By Elias ‘Eli’ Valentin II
One of the beautiful things about celebrating Black History Month is acknowledging the multitude of ways African-Americans have contributed to America’s progress and the larger
global community. As we celebrate the history, we must also look to the future and work to create spaces where Black women and men can thrive and shine.
At the highest levels of every industry, we must continue to include these faces, voices, and perspectives that have been overlooked or marginalized for far too long — representation matters. The explicit message it sends is superseded by the unconscious message it sends. I can’t think of a more critical time than now to ramp up these efforts.
According to a working paper by the National Bureau of Economic in conjunction with Johns Hopkins University, researchers discovered that Black students who have one Black teacher before the 3rd grade are 13 percent more likely to enroll in college. The percentage skyrockets to 32 percent when you add a second black teacher by the 3rd grade. What work are we doing in the community to recruit black teachers and school administrators? What is the Greenville County Schools or our School Board doing? What are the elected officials doing to legislate this proven valuable component to our classrooms?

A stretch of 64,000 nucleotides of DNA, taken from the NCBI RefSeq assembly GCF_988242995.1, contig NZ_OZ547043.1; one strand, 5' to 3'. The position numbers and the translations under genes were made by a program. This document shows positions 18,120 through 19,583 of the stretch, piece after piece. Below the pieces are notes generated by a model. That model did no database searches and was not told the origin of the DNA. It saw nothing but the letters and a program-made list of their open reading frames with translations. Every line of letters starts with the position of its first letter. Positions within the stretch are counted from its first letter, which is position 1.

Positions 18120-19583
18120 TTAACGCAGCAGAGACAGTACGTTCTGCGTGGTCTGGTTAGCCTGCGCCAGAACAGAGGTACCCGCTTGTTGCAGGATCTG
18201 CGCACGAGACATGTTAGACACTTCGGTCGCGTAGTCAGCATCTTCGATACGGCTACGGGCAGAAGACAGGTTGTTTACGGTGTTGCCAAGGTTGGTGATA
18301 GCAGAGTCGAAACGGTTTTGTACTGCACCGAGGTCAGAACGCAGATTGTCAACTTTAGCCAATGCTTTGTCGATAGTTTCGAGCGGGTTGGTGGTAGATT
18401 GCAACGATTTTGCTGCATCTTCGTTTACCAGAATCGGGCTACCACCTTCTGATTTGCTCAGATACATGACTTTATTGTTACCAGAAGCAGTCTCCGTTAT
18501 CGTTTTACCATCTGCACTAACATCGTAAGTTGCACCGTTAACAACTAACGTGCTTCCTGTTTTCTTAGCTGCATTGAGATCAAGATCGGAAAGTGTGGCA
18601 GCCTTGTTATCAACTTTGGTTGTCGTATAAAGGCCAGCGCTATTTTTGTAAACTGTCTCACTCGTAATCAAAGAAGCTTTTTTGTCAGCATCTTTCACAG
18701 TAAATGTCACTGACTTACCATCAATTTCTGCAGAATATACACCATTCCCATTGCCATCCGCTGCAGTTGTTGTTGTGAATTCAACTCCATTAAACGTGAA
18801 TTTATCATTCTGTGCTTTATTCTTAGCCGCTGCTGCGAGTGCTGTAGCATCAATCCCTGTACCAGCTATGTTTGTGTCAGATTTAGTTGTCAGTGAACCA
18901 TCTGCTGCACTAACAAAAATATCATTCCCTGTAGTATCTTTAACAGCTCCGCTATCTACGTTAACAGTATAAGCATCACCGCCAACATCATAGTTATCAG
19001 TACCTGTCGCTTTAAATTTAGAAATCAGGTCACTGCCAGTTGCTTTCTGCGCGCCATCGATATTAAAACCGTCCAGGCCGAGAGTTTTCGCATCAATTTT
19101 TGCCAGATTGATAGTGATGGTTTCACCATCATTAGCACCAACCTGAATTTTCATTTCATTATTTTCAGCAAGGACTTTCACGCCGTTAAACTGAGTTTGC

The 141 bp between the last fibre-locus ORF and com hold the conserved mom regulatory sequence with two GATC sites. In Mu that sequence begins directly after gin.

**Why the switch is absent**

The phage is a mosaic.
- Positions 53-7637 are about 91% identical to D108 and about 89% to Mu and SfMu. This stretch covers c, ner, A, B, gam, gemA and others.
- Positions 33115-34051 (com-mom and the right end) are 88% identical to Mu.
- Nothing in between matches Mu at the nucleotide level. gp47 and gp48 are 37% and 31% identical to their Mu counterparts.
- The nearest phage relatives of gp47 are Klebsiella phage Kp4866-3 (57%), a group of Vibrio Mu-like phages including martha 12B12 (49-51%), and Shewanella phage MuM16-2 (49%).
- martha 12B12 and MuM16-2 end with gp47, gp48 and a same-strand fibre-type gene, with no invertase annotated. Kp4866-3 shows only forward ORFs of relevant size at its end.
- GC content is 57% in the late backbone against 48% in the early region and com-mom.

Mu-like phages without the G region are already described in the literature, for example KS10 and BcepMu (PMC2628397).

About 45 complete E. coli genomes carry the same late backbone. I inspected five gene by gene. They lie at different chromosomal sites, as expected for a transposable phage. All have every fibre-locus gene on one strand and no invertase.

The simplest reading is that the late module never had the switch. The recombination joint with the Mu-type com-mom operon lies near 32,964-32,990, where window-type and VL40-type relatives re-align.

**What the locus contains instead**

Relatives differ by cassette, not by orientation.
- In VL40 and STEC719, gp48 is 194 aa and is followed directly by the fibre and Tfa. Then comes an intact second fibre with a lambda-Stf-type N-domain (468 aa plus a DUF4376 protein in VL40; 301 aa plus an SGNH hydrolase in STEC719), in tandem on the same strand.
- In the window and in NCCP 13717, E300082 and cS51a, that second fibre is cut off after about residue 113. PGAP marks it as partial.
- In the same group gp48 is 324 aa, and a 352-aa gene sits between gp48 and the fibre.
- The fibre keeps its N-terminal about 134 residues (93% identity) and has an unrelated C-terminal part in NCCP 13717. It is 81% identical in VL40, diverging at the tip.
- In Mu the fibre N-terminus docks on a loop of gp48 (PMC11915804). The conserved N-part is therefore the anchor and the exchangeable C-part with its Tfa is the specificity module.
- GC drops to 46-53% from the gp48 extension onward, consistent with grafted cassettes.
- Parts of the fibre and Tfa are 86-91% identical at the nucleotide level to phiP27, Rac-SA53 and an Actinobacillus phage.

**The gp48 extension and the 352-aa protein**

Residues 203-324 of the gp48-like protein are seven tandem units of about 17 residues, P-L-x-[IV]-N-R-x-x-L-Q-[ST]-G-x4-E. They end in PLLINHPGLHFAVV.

One of the sharpest people and legal minds I know first learned she could be a lawyer by watching Claire Huxtable on the Cosby Show. The concept of a professional African-American family was a way to “soften” the blow to white America on the changing demographics and society’s changing face. How many other young boys and girls pursued their JD or MD because they saw their reflection in the Cosby’s? The explicit message was African Americans are continuing to reach the highest of heights. The unconscious message was to the young black children that they could do anything, including being a successful attorney or doctor.
In a recent conversation with one of our Greenville Democrats leaders, he talked about how intentional his parents were when raising him. In selecting a cadre of black professionals who served as his pediatrician, optometrist, and dentist, his parents set up a framework for him to see possibilities without limitations. This opportunity for all is the real American dream, but we must have equal access to these ladders. The explicit message was “Black Excellence” was possible. The unconscious message was normalizing this, so when he shot for the stars, he knew he had a chance to reach them.
Far too often, people of color are unable to see our reflection in these places and spaces. We see it in politics, media, and professional sports. The National Football League came up with the Rooney Rule to ensure minority coaches could get opportunities to interview for head coaching positions when they came available.